zone 5 yew
zone 5 yew
(Image credit: danijela77)

Evergreen plants in the landscape are a terrific way to reduce winter doldrums as you wait for those first spring flowers and summer vegetables. Cold-hardy yews are outstanding performers both in ease of care and also versatility. Many can be sheared into a hedge and there are low-growing specimens and tall, stately plants. There are many perfect yew plants for zone 5, one of our coldest planting regions in North America. Select zone 5 yew varieties that suit your garden vision, and you will have provable winners year-round.

Selecting Yew Plants for Zone 5

Deciduous plants offer springtime excitement, autumn color, and a range of forms, but evergreens have the tenacity and durable green beauty. Yew plants are shrubs to small trees which enliven the garden even in the middle of winter. There are many cold-hardy yews that fit the bill for zone 5, most of which are adapted to full or partial sun locations and even some shady areas. If you need a plant for any light exposure that grows slowly and tolerates occasional neglect, yews might be for you. Growing yews in cold climates require some protection from wind, as cold breezes can damage the tips of the needles and well-draining soil. Other than that, these plants can adapt to almost any soil as long as it is acidic and situation. Yews make formal hedges, elegant trees, green groundcover, foundation plants, and even topiaries. You can even shear the plant quite severely and it will reward you with emerald-green growth.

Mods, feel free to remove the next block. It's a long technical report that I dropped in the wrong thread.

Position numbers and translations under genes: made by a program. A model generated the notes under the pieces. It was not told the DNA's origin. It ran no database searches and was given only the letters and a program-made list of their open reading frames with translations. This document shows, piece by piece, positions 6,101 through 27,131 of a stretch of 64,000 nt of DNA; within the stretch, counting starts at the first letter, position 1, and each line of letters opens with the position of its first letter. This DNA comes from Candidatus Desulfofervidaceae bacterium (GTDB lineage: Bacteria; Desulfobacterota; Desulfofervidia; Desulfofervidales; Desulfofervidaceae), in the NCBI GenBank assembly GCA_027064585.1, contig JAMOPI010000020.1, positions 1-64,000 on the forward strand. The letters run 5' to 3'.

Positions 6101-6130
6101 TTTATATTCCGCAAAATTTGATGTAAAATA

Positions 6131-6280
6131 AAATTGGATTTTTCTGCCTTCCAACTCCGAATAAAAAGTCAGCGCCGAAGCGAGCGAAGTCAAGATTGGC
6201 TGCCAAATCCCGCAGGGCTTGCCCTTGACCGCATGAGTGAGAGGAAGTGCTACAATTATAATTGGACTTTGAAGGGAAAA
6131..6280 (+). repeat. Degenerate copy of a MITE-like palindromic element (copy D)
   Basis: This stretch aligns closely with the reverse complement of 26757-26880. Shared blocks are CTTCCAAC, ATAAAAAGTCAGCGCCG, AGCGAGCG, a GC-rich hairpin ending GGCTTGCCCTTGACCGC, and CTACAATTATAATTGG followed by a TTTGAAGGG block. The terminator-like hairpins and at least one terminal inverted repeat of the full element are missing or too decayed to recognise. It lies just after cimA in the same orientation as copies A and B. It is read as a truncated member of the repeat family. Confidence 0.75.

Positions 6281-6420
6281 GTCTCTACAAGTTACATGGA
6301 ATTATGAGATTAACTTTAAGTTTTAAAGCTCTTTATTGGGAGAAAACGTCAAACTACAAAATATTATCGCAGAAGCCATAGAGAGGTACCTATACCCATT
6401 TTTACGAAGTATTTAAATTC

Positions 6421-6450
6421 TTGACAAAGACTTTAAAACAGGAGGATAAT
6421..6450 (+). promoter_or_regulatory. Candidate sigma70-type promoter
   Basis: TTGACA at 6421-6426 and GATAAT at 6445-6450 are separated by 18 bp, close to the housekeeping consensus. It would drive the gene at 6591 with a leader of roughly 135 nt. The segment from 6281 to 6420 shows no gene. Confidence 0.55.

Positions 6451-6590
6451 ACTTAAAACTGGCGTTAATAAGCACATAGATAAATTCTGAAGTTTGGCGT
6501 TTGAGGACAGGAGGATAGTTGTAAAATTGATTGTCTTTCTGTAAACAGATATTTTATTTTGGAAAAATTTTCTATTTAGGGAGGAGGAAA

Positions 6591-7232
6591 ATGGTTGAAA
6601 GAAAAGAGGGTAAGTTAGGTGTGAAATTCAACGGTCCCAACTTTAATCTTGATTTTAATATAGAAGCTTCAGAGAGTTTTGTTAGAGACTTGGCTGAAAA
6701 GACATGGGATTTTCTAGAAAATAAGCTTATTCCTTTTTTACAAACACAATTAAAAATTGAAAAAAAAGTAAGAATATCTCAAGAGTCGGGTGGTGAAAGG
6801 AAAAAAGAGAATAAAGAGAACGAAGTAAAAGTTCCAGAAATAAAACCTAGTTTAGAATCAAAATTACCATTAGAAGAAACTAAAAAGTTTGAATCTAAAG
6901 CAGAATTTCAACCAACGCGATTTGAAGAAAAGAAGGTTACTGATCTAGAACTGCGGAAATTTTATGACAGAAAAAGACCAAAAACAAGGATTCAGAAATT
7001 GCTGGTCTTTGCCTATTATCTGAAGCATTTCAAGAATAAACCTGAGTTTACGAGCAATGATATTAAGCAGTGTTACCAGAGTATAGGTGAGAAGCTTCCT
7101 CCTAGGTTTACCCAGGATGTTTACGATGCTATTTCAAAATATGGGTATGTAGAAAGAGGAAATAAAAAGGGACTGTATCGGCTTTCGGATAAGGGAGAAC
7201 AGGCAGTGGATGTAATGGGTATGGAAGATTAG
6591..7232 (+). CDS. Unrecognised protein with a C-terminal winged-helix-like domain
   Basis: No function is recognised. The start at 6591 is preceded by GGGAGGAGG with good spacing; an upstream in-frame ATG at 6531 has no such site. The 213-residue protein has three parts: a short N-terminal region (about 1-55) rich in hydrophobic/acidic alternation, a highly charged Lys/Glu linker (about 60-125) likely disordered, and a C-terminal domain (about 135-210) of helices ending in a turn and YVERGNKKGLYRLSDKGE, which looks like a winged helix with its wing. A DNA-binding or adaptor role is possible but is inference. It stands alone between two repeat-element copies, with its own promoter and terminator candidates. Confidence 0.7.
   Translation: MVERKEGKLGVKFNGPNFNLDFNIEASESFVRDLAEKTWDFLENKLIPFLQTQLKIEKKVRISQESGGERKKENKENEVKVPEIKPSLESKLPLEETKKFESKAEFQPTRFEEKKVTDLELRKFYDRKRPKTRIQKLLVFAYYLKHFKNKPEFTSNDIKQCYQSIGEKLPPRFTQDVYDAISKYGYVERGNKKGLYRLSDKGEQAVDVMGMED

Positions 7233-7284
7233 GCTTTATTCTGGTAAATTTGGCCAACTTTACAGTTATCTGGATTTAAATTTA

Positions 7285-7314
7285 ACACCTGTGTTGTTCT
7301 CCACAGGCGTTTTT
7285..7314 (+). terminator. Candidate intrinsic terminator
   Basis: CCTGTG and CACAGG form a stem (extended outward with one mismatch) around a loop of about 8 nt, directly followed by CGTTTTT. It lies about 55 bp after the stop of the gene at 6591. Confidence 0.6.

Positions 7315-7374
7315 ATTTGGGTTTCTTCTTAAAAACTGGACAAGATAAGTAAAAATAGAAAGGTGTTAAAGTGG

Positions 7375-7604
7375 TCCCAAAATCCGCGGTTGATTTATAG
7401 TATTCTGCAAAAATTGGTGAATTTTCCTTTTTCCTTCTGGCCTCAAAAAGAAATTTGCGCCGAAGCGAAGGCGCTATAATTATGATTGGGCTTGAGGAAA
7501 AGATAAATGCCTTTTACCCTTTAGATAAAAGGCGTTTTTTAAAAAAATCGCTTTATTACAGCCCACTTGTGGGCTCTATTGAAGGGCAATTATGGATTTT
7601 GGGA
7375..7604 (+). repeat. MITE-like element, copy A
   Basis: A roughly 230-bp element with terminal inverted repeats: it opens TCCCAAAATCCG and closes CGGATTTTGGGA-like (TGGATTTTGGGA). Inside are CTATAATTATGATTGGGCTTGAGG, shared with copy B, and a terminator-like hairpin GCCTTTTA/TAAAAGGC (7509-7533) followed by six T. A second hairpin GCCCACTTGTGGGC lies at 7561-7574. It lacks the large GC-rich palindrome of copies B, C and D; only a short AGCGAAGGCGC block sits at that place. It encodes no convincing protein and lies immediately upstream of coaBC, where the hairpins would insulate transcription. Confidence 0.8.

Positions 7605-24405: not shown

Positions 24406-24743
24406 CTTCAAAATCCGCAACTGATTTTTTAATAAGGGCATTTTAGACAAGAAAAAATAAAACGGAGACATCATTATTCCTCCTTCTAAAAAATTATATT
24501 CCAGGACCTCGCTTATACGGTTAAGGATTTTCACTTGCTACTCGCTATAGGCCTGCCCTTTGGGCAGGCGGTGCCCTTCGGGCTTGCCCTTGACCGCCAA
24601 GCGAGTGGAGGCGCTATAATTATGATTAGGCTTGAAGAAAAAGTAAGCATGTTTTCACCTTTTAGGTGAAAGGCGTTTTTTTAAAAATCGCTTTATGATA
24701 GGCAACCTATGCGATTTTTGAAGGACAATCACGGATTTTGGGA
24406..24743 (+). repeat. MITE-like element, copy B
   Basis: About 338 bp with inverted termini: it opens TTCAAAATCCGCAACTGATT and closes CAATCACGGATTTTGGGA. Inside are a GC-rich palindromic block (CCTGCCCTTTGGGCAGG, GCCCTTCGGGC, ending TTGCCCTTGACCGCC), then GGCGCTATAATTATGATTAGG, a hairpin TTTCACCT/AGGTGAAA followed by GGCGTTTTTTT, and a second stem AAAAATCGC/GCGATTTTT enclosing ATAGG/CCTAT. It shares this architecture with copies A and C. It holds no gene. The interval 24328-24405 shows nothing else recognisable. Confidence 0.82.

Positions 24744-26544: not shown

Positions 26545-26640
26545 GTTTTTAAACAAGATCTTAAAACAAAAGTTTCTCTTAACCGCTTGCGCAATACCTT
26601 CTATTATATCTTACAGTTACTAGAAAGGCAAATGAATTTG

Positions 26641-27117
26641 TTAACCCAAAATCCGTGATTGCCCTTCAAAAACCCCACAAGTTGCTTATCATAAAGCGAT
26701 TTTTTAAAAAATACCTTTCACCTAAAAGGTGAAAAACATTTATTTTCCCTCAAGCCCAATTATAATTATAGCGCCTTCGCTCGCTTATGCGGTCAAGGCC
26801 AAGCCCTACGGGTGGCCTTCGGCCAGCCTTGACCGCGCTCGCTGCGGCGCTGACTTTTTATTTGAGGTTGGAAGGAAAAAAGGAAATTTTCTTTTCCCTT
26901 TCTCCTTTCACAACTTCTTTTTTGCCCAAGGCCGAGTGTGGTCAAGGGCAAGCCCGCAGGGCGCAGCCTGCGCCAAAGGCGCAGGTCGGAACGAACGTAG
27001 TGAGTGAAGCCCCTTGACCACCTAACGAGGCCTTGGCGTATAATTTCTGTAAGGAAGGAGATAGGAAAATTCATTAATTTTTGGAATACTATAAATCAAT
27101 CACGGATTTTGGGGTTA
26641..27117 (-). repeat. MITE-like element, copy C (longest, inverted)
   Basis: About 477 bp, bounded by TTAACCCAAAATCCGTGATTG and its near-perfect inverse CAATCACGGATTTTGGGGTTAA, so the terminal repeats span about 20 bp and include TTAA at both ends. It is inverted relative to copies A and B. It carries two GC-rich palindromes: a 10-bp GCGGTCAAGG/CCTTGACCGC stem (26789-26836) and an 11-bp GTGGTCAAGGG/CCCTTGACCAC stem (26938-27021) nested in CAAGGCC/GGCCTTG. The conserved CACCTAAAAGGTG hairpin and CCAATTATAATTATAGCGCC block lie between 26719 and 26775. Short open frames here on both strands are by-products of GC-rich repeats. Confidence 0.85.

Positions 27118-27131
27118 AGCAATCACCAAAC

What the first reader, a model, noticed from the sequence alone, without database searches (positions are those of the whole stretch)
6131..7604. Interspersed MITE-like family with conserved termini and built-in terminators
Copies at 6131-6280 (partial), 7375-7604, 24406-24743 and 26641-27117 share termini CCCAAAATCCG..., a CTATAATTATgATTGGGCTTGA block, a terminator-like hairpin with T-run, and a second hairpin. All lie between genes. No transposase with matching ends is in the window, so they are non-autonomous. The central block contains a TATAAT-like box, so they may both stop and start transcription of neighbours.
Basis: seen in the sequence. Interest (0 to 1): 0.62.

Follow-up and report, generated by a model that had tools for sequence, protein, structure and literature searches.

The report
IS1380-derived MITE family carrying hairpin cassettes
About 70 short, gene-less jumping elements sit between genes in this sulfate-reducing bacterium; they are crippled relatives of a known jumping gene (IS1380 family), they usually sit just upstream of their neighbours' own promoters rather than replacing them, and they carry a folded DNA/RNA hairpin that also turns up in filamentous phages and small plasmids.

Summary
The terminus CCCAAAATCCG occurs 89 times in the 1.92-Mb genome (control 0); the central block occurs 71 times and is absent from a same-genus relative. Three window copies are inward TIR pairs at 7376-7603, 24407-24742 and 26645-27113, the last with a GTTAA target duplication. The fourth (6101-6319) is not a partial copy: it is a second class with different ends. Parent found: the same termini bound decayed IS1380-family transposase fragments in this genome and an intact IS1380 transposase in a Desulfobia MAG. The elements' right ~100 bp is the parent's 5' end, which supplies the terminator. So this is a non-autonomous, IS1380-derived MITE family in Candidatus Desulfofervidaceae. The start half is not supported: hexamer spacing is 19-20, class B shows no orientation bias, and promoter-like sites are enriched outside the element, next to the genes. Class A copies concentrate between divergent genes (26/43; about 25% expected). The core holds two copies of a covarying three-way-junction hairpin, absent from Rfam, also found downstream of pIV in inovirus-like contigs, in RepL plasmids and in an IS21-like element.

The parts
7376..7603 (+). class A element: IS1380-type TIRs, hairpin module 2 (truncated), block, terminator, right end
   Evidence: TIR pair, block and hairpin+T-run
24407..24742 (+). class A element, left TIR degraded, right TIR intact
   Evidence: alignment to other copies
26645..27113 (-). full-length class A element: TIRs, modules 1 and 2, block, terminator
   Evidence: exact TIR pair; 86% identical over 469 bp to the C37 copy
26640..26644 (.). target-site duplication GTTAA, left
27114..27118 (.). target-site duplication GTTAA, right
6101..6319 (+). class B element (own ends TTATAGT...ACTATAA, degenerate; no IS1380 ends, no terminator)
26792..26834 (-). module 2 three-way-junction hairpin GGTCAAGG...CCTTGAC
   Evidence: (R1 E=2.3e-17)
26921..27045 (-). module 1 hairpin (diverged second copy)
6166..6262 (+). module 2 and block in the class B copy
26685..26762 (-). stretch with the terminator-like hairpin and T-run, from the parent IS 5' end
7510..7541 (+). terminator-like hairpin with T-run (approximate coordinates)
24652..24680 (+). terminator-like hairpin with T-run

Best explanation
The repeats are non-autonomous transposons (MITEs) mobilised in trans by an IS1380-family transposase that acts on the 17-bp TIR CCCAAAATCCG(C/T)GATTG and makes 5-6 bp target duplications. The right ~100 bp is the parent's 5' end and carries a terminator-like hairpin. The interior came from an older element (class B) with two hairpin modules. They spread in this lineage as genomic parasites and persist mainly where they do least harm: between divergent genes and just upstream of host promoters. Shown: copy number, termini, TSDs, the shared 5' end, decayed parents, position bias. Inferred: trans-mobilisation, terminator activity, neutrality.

Zone 5 Yew Varieties

The smaller yews can get 3 to 5 feet (1-1.5 m.) in height. Yews in zone 5 are wonderful in containers, as borders and accents behind other plants.

  • 'Aurescens' grows only 3 feet (1 m.) tall and wide, and its new growth has a golden tint.
  • Another low grower is 'Watnung Gold' with bright yellow foliage.
  • A good groundcover is 'Repandens,' which gets 4 feet (1 m.) tall but grows much wider.
  • The dwarf Japanese cultivar 'Densa' is compact at 4 feet (1 m.) tall by 8 feet wide (2 m.).
  • 'Emerald Spreader' is another great groundcover at only 2 ½ feet (76 cm.) in height and sprawling out with deep green needles.
  • Some other smaller yew plants for zone 5 to consider are 'Nana,' 'Green Wave,' 'Tauntonii,' and 'Chadwikii.'

Privacy hedges and stand-alone trees need to be big, and some of the largest yews can approach 50 feet (15 m.) or slightly more when mature. Plant these big guys in a field or on the calm side of the house when growing yews in cold climates. This will prevent wind shears from damaging the delicate leaves.

  • The North American yews are the largest forms.
  • The native Pacific yew is in this group and achieves 50 feet (15 m.) with a lovely loose pyramid shape. 'Capitata' develops into a medium-sized tree with needles that bronze in winter. A slender, yet tall specimen is 'Columnaris' with year-round green foliage.
  • Chinese yew grows up to 40 feet (12 m.) while English yews generally are a bit shorter. Both have numerous cultivars with variegated to golden foliage and even a weeping variety.

Give yews in zone 5 a little protection the first year or two in case long freezes are expected. Mulching the root zone should keep the youngsters healthy until the spring thaw.

Bonnie L. Grant

Bonnie Grant is a professional landscaper with a Certification in Urban Gardening. She has been gardening and writing for 15 years. A former professional chef, she has a passion for edible landscaping.